The thing is, this could actually have worked out all right, which I know because it’s been done before. You might remember a Leiber/Stoller song from the Fifties called “Love Potion No. 9“, a neat little pop rock number in which the protagonist tries to procure a love potion from a gypsy. Not only is that song actually about black magic, with much smarter and more in-depth lyrics, but it also has a funny twist at the end that gives the song a wicked punch that leaves the protagonist the same desperate yearning fool he was at the beginning. There’s an actual story told here, and it’s told in half the time taken for “Black Magic” to repeat the same sentiment over and over again: you’re going to fall in love with her. That’s it.

Also I now wish it was 1959 and I was reviewing that song.

Verdict: This wasn’t a great review for me, I’ll admit, but to be fair I’m a little out of practice. For all my complaints the song is… well, it’s not good, but it’s not really bad either. It’s just there, you know? It exists and has continued to exist since its release, which is about as high praise as I can give it. So, 2 or 3 out of 5. You pick.

Today’s double-up is, obviously, “Love Potion No. 9”, here performed by Ronnie Dio and the Prophets (yes, that Ronnie Dio).

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Pop Song Review: Wiz Khalifa feat. Charlie Puth, “See You Again”

Well, as fascinating as these Eurovision reviews have been it’s nice to pop into the Western monoculture every now and then to see what I’m supposed to be paying attention to this week. With that said, today’s pop song review is “See You Again” by Wiz Khalifa featuring Charlie Puth.

First impressions: So is this supposed to be a tribute to someone? I feel as though they’re holding back on me there.

/freaking obvious sarcasm

The music: First of all, let’s get this out of the way: yes, this song obviously has a greater emotional context to it due to its association with Furious 7 and the tragic death of lead actor Paul Walker in November 2013. That is something that is still deeply saddening and it’s actually pretty inspiring that it still sends emotional ripples through popular culture to this day. Even if he never got his chance to truly shine, I think it’s great that we can celebrate what he did offer us in his too-brief time on this planet.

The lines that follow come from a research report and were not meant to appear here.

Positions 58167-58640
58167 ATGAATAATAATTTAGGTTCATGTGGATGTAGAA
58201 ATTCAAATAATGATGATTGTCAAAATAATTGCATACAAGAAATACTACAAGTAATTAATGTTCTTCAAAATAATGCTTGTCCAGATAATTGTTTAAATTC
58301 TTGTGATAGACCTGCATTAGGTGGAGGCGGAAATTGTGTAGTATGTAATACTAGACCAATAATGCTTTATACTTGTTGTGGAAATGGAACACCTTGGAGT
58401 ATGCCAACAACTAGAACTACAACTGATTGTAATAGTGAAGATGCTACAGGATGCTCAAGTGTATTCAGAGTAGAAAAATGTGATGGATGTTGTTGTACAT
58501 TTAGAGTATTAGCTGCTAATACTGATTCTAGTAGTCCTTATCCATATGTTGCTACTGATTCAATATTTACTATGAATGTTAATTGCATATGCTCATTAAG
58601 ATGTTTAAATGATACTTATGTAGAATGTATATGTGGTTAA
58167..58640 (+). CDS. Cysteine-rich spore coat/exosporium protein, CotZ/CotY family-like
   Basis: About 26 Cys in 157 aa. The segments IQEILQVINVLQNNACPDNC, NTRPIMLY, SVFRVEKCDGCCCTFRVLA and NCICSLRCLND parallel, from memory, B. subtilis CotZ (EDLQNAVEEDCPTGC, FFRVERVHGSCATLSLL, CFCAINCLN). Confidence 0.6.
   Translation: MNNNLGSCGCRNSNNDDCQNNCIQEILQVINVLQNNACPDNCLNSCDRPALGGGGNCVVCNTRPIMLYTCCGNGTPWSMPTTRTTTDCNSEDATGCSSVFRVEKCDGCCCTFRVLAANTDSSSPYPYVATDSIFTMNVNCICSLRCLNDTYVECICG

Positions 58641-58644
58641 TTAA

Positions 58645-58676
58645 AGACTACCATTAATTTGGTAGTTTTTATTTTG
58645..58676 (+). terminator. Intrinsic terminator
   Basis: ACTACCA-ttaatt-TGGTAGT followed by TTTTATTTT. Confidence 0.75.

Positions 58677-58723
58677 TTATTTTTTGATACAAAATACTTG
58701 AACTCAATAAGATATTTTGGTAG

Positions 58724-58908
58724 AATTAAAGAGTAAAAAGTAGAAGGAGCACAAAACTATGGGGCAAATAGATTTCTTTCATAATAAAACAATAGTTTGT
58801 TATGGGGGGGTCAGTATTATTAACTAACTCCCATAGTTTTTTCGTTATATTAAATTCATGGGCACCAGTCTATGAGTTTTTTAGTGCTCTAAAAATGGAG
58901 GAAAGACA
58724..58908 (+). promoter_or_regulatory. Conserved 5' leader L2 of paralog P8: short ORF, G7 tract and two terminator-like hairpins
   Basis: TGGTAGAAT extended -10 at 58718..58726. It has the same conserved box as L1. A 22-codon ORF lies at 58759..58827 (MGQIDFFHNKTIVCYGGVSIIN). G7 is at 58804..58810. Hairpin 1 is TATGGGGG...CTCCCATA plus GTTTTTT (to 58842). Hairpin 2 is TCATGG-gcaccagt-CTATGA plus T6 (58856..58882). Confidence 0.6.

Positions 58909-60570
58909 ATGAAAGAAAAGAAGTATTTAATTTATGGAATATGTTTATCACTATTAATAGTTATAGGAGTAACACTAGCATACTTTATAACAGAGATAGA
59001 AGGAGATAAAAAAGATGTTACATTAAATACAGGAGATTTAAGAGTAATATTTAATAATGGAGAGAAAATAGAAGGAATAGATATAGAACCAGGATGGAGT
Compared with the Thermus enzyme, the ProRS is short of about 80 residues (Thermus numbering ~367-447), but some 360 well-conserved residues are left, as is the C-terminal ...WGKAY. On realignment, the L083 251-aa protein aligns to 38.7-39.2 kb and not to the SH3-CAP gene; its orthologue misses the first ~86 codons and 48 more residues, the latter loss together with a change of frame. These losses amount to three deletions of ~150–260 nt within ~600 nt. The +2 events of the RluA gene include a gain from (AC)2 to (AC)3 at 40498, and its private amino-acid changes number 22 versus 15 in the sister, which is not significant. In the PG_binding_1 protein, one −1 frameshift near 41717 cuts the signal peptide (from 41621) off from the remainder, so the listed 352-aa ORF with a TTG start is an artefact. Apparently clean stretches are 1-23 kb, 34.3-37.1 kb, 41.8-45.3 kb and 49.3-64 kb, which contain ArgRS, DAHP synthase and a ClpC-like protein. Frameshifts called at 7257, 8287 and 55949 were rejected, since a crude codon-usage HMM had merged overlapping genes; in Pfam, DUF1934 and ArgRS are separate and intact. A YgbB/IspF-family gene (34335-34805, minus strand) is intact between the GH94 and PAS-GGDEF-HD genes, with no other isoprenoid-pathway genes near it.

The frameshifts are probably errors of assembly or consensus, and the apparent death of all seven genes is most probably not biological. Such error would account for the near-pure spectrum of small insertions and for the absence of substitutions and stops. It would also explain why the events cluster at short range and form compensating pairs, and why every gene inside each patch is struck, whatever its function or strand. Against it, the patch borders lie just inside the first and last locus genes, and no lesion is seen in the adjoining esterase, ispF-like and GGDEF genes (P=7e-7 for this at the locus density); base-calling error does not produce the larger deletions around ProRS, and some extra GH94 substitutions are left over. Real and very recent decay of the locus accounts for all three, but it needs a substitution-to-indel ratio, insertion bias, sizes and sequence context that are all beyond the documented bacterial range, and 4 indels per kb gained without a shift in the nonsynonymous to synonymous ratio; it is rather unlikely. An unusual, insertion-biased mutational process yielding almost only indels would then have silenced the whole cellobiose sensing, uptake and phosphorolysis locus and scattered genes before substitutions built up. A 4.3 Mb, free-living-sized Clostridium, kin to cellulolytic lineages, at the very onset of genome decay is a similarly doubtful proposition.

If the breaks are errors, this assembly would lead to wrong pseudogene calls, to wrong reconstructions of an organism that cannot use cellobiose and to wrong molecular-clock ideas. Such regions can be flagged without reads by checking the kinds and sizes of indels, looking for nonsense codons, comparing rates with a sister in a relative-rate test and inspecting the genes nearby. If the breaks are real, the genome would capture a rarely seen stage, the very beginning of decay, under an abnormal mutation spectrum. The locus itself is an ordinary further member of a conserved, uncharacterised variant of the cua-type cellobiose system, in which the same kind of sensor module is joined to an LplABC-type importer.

That said, screw this song.

Look, it’s an unpopular opinion for sure, and I don’t expect any martyr cred for this one, but someone somewhere had to be the git to point out that this is just not a very good song at all. I get that an up-tempo, all-pistons-blazing hard rocker would have been an insensitive tribute considering the circumstances of Walker’s death but… honestly, could we not have had something with a little more, I don’t know, passion put into it?

I mean, meet me halfway here: context aside, what am I actually supposed to like about this song? The melody is predictable and yet utterly forgettable: you know what’s coming but you somehow don’t know anymore once it’s actually been and gone, which is to say that this melody actively removes information from your brain. If it strayed any further from its perfect cadence it might get the variation it needs to be somewhat memorable, but nope – as soon as it’s out it just races back to that fifth before I can get too interested. Puth’s voice is technically strong but undeniably bland while Khalifa’s delivery is his usual disinterested monotone, propped up in the verses by a skipping beat and the pre-chorus by those butt-ugly synths. And then it all drops for that chorus, just Puth and his piano, before it explodes for the ‘ah-ah-ah-oh’ bit you’ve heard in a thousand pop songs before it. Er, passionate, I guess.